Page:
Date on Master's Thesis/Doctoral Dissertation
Allen, Annette C.
Maternity; Virginia Woolf; nostalgia; Kathe Kollwitz; creativity; natality
Fertility, Human, in art; Fertility, Human, in literature; Kollwitz, Käthe, 1867-1945; Woolf, Virginia, 1882-1941
Though Virginia Woolf’s and Kathe Kollwitz's personal histories and specific cultural circumstances were quite different, their aesthetics share fundamental qualities. This dissertation demonstrates that both artists affirm memory, the maternal, and creativity as coalescent, and through doing so assert a principle of connectivity that counters the turmoil of their times. Through this constellation, Woolf’s and Kollwitz's aesthetics exude faith in the continued viability of beauty and of possibility, faith that a commitment to becoming will undermine the sources of hopelessness that enshroud the modem world. Channeling their losses into their creative endeavors, Woolf and Kollwitz appropriated crises from their pasts for moments of personal and cultural edification. They establish maternity as exemplary of the human need for mutuality and maternal desire as a search for interrelation that must be exercised imaginatively. Charting the cataclysms of modernity evident in thought, technology, and warfare, Chapter I demonstrates modernity's collective sense of homeless ness. Chapter II situates theoretically the presences Woolf and Kollwitz assert as potentializing a rediscovery of home; Svetlana Boym's reflective nostalgia and Grace Jantzen's ethic of natality prove especially instrumental here. Chapters III, IV, and V interpret Woolf’s "A Sketch of the Past" and To the Lighthouse as manifestations of Woolf’s creative memory work, of her search for her mother and her lost home. Sketching her mother as an artist, Woolf identifies Julia Stephen as the source of her daughter's creativity and suggests art as a regenerative expression of love. Chapters VI and VII transition to a consideration of Kathe Kollwitz's autobiography and diaries, and of her War series and The Mourning Parents memorial. These chapters illuminate her alignment of the sensuality of mothering with the sensuality of creation, and establish that she experienced her son's death in World War I as a death of becoming. Chapter VII in particular probes the depths of Kollwitz's grief and describes the creative process as a means through which she soothed herself. Creating art enabled her to work toward a world that does not desecrate interconnectivity, imagination, and childhood, a world worthy of her deceased son and of her own mothering.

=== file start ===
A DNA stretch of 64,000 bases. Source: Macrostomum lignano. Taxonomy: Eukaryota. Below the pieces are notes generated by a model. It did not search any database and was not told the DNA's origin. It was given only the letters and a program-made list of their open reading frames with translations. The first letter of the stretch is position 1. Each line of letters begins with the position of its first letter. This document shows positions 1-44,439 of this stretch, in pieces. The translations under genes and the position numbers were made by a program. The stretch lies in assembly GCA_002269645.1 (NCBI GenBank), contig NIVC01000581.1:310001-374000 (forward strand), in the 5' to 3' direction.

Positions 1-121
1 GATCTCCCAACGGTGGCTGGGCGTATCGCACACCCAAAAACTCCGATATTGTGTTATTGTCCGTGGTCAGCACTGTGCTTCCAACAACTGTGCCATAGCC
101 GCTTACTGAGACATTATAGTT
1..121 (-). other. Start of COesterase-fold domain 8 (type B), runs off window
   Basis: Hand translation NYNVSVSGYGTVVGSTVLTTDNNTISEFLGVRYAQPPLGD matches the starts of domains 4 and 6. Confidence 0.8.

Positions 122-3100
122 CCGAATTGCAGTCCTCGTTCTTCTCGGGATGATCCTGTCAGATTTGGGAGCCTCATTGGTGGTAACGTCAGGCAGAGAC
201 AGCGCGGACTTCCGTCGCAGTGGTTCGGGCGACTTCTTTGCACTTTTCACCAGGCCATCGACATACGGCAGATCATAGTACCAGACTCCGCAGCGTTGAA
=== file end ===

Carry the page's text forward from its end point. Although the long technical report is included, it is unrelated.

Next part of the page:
Goldberg, Jennifer Brooke 1973-, "The art of natality : Virginia Woolf's and Kathe Kollwitz's aesthetics of becoming." (2012). Electronic Theses and Dissertations. Paper 510.